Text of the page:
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NARRATIVE OF A. GORDON PYM

by Edgar Allan Poe

UPON my return to the United States a few months ago, after the
extraordinary series of adventure in the South Seas and elsewhere, of
which an account is given in the following pages, accident threw me
into the society of several gentlemen in Richmond, Va., who felt deep
interest in all matters relating to the regions I had visited, and
who were constantly urging it upon me, as a duty, to give my
narrative to the public. I had several reasons, however, for
declining to do so, some of which were of a nature altogether
private, and concern no person but myself; others not so much so. One
consideration which deterred me was that, having kept no journal
during a greater portion of the time in which I was absent, I feared
I should not be able to write, from mere memory, a statement so
minute and connected as to have the _appearance _of that truth it
would really possess, barring only the natural and unavoidable
exaggeration to which all of us are prone when detailing events which
have had powerful influence in exciting the imaginative faculties.
Another reason was, that the incidents to be narrated were of a
nature so positively marvellous that, unsupported as my assertions
must necessarily be (except by the evidence of a single individual,
and he a half-breed Indian), I could only hope for belief among my
family, and those of my friends who have had reason, through life, to
put faith in my veracity-the probability being that the public at
large would regard what I should put forth as merely an impudent and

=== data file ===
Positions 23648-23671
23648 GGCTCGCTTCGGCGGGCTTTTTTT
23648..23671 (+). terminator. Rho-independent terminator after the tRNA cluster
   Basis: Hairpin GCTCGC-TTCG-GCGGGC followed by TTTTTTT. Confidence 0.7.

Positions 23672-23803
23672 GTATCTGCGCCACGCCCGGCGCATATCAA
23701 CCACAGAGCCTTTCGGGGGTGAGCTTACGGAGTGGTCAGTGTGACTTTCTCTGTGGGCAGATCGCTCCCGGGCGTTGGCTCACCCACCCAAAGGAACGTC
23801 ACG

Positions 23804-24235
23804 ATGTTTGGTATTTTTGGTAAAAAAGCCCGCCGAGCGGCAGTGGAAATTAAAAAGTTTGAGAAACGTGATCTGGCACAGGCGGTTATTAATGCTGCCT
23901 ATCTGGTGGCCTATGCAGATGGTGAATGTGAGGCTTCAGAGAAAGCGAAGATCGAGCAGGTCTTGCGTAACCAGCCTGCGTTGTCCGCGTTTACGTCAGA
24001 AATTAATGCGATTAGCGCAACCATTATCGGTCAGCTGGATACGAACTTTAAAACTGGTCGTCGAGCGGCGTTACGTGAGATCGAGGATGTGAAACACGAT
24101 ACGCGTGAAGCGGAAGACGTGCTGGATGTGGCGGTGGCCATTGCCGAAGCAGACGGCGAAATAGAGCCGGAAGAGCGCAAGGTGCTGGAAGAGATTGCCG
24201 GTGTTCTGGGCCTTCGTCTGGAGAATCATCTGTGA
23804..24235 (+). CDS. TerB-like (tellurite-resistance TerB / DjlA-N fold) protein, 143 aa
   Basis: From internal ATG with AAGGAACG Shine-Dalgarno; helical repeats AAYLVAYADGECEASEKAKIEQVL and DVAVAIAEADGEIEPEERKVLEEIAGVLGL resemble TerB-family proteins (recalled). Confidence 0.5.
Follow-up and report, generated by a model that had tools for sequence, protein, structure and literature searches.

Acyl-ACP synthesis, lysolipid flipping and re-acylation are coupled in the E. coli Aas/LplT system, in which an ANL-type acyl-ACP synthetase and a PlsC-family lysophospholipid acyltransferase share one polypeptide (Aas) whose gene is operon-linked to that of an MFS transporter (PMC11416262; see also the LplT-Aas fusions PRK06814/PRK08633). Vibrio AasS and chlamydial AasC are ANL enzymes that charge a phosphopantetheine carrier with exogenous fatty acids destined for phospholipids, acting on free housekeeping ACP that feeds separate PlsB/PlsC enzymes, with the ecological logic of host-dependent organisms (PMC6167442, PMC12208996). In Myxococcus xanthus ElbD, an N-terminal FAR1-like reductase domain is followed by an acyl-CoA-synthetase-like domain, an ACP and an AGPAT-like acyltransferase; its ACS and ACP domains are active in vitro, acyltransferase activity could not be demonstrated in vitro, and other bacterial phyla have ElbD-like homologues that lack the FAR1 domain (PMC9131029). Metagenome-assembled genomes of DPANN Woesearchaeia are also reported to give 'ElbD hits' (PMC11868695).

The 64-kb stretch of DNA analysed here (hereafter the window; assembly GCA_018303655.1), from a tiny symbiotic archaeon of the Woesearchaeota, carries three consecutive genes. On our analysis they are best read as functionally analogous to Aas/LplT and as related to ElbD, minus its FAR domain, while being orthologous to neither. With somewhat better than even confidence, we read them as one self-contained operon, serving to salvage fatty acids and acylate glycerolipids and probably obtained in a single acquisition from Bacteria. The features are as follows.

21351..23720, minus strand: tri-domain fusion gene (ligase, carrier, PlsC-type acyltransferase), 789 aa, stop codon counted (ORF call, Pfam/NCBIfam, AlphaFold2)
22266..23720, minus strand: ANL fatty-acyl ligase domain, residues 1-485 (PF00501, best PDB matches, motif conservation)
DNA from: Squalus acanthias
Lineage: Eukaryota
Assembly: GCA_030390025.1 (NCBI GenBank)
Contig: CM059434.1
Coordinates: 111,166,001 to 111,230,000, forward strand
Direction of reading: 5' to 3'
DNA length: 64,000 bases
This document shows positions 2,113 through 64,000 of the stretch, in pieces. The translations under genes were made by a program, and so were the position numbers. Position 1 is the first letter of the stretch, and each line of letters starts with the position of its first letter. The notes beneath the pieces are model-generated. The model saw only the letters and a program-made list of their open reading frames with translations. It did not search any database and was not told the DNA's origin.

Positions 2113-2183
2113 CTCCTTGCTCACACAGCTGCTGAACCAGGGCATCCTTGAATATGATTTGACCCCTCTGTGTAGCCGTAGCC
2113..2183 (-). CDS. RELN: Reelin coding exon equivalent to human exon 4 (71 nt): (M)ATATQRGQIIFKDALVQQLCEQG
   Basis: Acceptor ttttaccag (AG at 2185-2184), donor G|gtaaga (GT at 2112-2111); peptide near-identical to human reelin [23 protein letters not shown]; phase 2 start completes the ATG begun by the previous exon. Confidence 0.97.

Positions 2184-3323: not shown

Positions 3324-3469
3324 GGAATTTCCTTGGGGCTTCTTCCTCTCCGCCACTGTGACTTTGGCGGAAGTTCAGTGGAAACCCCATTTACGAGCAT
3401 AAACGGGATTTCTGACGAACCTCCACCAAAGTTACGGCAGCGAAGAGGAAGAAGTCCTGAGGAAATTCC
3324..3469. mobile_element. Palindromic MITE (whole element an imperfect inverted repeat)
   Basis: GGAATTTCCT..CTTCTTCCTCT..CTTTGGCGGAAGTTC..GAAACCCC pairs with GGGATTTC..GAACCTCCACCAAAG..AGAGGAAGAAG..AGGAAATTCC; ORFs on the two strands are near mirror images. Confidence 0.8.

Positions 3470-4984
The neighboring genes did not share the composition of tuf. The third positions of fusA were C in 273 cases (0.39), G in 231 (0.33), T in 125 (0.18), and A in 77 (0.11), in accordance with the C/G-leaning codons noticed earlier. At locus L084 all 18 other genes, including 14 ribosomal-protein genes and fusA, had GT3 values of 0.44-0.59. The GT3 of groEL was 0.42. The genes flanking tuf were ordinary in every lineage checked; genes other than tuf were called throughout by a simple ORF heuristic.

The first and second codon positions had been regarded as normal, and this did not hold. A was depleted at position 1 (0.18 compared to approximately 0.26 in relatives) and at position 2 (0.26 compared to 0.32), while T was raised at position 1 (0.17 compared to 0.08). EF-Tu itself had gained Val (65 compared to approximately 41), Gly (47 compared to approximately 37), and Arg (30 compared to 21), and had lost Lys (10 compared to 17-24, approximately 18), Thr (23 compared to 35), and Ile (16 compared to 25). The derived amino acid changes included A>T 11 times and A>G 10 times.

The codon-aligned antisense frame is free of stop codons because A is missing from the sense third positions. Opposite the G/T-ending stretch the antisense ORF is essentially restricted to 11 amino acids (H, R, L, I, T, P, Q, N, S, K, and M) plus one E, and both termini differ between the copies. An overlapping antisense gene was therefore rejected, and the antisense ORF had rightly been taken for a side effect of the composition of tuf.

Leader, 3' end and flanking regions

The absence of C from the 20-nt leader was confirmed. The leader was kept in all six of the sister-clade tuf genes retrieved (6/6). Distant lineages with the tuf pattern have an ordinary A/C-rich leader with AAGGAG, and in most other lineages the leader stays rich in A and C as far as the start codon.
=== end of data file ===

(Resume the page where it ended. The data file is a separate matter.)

ingenious fiction. A distrust in my own abilities as a writer was,
nevertheless, one of the principal causes which prevented me from
complying with the suggestions of my advisers.

Among those gentlemen in Virginia who expressed the greatest interest
in my statement, more particularly in regard to that portion of it
which related to the Antarctic Ocean, was Mr. Poe, lately editor of
the "Southern Literary Messenger," a monthly magazine, published by
Mr. Thomas W. White, in the city of Richmond. He strongly advised me,
among others, to prepare at once a full account of what I had seen
and undergone, and trust to the shrewdness and common-sense of the
public-insisting, with great plausibility, that however roughly, as
regards mere authorship, my book should be got up, its very
uncouthness, if there were any, would give it all the better chance
of being received as truth.

Notwithstanding this representation, I did not make up my mind to do
as he suggested. He afterward proposed (finding that I would not stir
in the matter) that I should allow him to draw up, in his own words,
a narrative of the earlier portion of my adventures, from facts
afforded by myself, publishing it in the "Southern Messenger" _under
the garb of fiction. _To this, perceiving no objection, I consented,
stipulating only that my real name should be retained. Two numbers of
the pretended fiction appeared, consequently, in the "Messenger" for
January and February (1837), and, in order that it might certainly be
regarded as fiction, the name of Mr. Poe was affixed to the articles
in the table of contents of the magazine.

The manner in which this ruse was received has induced me at length
to undertake a regular compilation and publication of the adventures
in question; for I found that, in spite of the air of fable which had
been so ingeniously thrown around that portion of my statement which
appeared in the "Messenger" (without altering or distorting a single
fact), the public were still not at all disposed to receive it as
fable, and several letters were sent to Mr. P.'s address, distinctly
expressing a conviction to the contrary. I thence concluded that the
facts of my narrative would prove of such a nature as to carry with
them sufficient evidence of their own authenticity, and that I had
consequently little to fear on the score of popular incredulity.

This_ exposé _being made, it will be seen at once how much of what
follows I claim to be my own writing; and it will also be understood
that no fact is misrepresented in the first few pages which were
written by Mr. Poe. Even to those readers who have not seen the
"Messenger," it will be unnecessary to point out where his portion
ends and my own commences; the difference in point of style will be
readily perceived.


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